If you are on a prescribed medication, it is important that you are reviewed regularly, therefore an appointment will be necessary. Please ensure that an appointment is made with your regular doctor prior to your medication
running out.

Vaccines:
If you have a vaccine with you, please hand it to reception staff on your arrival for refrigeration. Vaccines should be carried in a cold pack from the purchase point
and kept cool.

Patient Feedback:
If, for any reason, you are dissatisfied with an aspect of the care you have received at this practice, we want to know about it. We take your concerns, suggestions and
complaints seriously. Please write or speak to the Practice Manager to discuss your concerns. Grievances will be dealt with promptly and if
you still feel unhappy with the resolution you may contact: Office of the Health Ombudsman


Finding out more about human rights

What are human rights?

Human rights recognise the inherent value of each person, regardless of background, where we live, what we look like, what we think or what we believe. View Fact Sheet here

Healthcare rights ensure all patients and carers in Australia receive safe, high-quality care in partnership with healthcare providers. This article explains your rights and what to do if you feel they have been denied.

Australians’ healthcare rights are set out in the Australian Charter of Healthcare Rights. These rights apply to any healthcare you receive, anywhere in Australia, including in public hospitals, private hospitals, general practice and in the community.

The 7 basic healthcare rights are listed below:

  • Access: You have a right to healthcare services and treatment that meet your needs.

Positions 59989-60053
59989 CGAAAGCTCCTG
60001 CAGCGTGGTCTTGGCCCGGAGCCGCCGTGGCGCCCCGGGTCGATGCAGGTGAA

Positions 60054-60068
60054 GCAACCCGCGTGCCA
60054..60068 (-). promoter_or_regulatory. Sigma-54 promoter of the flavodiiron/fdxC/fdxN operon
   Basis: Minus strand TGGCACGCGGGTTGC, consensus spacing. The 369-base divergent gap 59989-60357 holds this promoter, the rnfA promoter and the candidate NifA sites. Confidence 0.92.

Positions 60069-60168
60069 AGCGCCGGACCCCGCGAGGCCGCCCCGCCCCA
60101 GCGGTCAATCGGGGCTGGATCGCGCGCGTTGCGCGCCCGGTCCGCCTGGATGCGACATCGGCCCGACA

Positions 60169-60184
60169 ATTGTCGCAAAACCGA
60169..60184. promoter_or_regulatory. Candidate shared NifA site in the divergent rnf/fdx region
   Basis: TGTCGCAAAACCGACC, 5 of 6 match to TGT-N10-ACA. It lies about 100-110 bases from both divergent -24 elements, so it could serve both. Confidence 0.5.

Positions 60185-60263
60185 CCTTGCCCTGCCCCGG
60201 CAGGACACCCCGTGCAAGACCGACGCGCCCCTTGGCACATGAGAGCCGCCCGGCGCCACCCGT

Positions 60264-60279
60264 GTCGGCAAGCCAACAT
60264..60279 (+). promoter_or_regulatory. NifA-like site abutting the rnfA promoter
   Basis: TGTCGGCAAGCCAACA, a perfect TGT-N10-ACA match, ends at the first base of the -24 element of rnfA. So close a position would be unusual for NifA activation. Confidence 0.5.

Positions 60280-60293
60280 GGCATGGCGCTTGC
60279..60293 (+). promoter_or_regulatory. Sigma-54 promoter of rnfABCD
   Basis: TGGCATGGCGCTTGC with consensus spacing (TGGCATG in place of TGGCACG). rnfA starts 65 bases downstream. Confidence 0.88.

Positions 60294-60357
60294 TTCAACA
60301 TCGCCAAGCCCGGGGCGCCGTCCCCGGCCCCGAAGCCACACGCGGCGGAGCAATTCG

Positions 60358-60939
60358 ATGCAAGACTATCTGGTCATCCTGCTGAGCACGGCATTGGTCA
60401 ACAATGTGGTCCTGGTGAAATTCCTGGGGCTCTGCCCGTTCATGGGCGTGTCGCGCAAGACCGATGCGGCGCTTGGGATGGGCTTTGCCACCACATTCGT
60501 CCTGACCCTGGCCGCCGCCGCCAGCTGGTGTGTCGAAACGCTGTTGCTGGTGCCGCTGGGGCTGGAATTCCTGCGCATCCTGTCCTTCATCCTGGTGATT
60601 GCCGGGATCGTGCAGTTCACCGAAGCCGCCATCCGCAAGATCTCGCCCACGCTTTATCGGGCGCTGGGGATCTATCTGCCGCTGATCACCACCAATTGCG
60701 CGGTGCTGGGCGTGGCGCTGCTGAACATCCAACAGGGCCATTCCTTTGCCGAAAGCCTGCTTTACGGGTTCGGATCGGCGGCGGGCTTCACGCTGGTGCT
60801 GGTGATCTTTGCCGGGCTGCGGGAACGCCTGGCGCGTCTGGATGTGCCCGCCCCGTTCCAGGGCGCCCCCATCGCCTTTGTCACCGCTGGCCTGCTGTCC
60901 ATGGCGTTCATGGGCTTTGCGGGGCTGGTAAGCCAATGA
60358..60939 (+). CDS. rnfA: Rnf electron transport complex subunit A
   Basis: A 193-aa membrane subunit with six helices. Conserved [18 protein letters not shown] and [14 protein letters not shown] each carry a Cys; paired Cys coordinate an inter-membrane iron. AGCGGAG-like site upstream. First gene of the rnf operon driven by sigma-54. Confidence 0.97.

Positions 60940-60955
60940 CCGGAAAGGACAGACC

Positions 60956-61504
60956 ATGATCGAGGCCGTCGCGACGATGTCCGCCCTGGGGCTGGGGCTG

• Safety: You have a right to receive safe and high-quality healthcare that meets national standards, and to be cared for in an environment that is safe and makes you feel safe.
  • Respect: You have a right to be treated as an individual, and with dignity and respect. Your culture, identity, beliefs and choices must be recognised and respected.
  • Partnership: You have a right to ask questions and be involved in open and honest communication. You can make decisions with your healthcare provider, to the extent that you choose and are able to, and you may include the people that you want in planning and decision-making.
  • Information: You have a right to receive clear information about your condition, as well as the possible benefits and risks of different tests and treatments, so you can give your informed consent. You can receive information about services, waiting times and costs, and be given assistance, when you need it, to help you understand and use that health information. You also have the right to access your health information. You must be told if something has gone wrong during your healthcare, including how it happened, how it may affect you and what is being done to make your care safe.
  • Privacy: You have a right to have your personal privacy respected — information about you and your health must be kept secure and confidential.